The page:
Dark Money

By Beacon Staff
By John Fuller

Since the Supreme Court case of Citizens United v. Federal Election Commission, liberals have had their knickers in a twist about corporations and those with deep pockets being involved in political campaigns.

By their attachment of the phrase “dark money,” liberals, progressives and RINOS have attempted to portray these efforts as sinister. But, freedom of speech and association is not just for the aforementioned groups, it is for everyone, including rich people and corporations.

Liberals claim that corporations being able to participate in political campaigns will “open the floodgates” to defamatory and unaccountable campaigns.

What is so duplicitous about this is that there is no such parallel concern about labor union spending on political ads.

Labor unions use extorted money to promote their liberal agendas regardless of the rank-and-file membership’s views. Rank-and-file members have no ability to refuse to participate in the union’s funding.

In Montana, members must pay their dues (bribes?) as a condition of working. When those unions spend millions to influence a political campaign and then proclaim other organizations are spending “dark money” they are the epitome of deceit, dishonesty and fraud.

The attempt to squelch “dark money” is also. Montanans deserve a Bill of Rights for all, not just for Democrats.

By Joe Carbonari

The term “dark money” refers to those political and “issue” contributions that are cloaked in anonymity.

There is wide agreement that every individual has the right, and in some instances the responsibility, to express their opinion.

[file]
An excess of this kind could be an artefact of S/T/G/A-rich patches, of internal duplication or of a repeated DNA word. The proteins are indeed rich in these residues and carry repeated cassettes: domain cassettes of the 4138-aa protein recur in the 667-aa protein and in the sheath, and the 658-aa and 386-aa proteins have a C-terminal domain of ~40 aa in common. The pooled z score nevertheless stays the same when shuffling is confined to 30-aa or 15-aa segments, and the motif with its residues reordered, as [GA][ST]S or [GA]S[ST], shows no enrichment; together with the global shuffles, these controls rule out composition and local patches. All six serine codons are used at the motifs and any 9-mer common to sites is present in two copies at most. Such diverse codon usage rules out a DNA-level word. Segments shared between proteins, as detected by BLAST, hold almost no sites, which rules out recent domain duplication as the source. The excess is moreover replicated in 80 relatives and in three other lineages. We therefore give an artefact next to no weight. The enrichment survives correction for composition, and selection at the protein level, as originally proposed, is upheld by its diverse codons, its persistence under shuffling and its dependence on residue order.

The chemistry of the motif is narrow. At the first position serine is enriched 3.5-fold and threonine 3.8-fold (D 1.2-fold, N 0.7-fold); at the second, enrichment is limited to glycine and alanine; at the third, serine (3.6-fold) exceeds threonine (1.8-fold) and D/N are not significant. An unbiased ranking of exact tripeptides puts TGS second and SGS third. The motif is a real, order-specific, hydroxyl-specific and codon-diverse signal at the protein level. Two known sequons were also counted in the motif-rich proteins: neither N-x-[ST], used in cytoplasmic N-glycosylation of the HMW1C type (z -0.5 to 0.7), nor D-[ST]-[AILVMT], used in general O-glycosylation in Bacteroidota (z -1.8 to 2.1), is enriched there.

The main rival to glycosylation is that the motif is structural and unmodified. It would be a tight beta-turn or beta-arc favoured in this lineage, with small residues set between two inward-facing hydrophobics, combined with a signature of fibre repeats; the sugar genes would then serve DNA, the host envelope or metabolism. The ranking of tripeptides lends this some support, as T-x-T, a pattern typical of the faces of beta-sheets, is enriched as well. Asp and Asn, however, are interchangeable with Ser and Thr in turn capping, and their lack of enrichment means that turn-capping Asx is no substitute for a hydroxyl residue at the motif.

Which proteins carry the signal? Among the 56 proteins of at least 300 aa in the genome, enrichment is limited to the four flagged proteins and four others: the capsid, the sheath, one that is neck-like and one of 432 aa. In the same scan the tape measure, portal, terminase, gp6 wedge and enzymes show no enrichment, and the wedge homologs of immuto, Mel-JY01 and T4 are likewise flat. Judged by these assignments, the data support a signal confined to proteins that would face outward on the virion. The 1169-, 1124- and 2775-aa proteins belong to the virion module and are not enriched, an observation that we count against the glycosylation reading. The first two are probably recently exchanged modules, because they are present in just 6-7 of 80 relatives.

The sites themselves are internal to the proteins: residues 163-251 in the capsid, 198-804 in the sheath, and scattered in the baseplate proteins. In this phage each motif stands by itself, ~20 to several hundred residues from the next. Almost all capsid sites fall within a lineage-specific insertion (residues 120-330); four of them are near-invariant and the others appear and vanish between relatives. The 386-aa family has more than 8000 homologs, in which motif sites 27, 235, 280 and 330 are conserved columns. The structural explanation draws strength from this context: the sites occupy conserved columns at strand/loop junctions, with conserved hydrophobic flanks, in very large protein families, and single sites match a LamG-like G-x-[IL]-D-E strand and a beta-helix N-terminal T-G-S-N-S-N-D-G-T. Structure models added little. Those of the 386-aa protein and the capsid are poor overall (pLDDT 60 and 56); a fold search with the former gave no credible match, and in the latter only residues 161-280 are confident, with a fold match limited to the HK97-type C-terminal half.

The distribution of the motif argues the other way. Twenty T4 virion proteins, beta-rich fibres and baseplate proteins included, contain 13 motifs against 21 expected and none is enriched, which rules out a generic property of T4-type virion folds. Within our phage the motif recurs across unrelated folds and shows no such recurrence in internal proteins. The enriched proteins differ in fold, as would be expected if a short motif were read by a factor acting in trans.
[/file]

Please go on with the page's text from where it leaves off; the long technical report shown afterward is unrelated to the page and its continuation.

The degree to which we ascribe credibility to that opinion can be based on a variety of factors: expertise in the field, conflicts of interest, reputation and and general character among them.

If in the “town square” we were addressed by someone who refused to identify themselves, or even to give us a view of their face, we would suspect that that person had something to hide. That is human nature, based on human experience.

In political discourse half-truths, manipulations and outright deceits abound. The issues involved are often subjective and complex, sometimes self-contradictory, and almost always subject to the perils of unintended consequence. It is easy to be fooled or misled.

Consider, for instance, our political primaries, where only a small portion of the public votes and where many of the candidates are not well known.

We could set ourselves up to buy a pig in a poke sold to us by a charlatan in a mask. All we ask of you, Mr. Anonymous, is to tell us who you are, and then to play by the rules.

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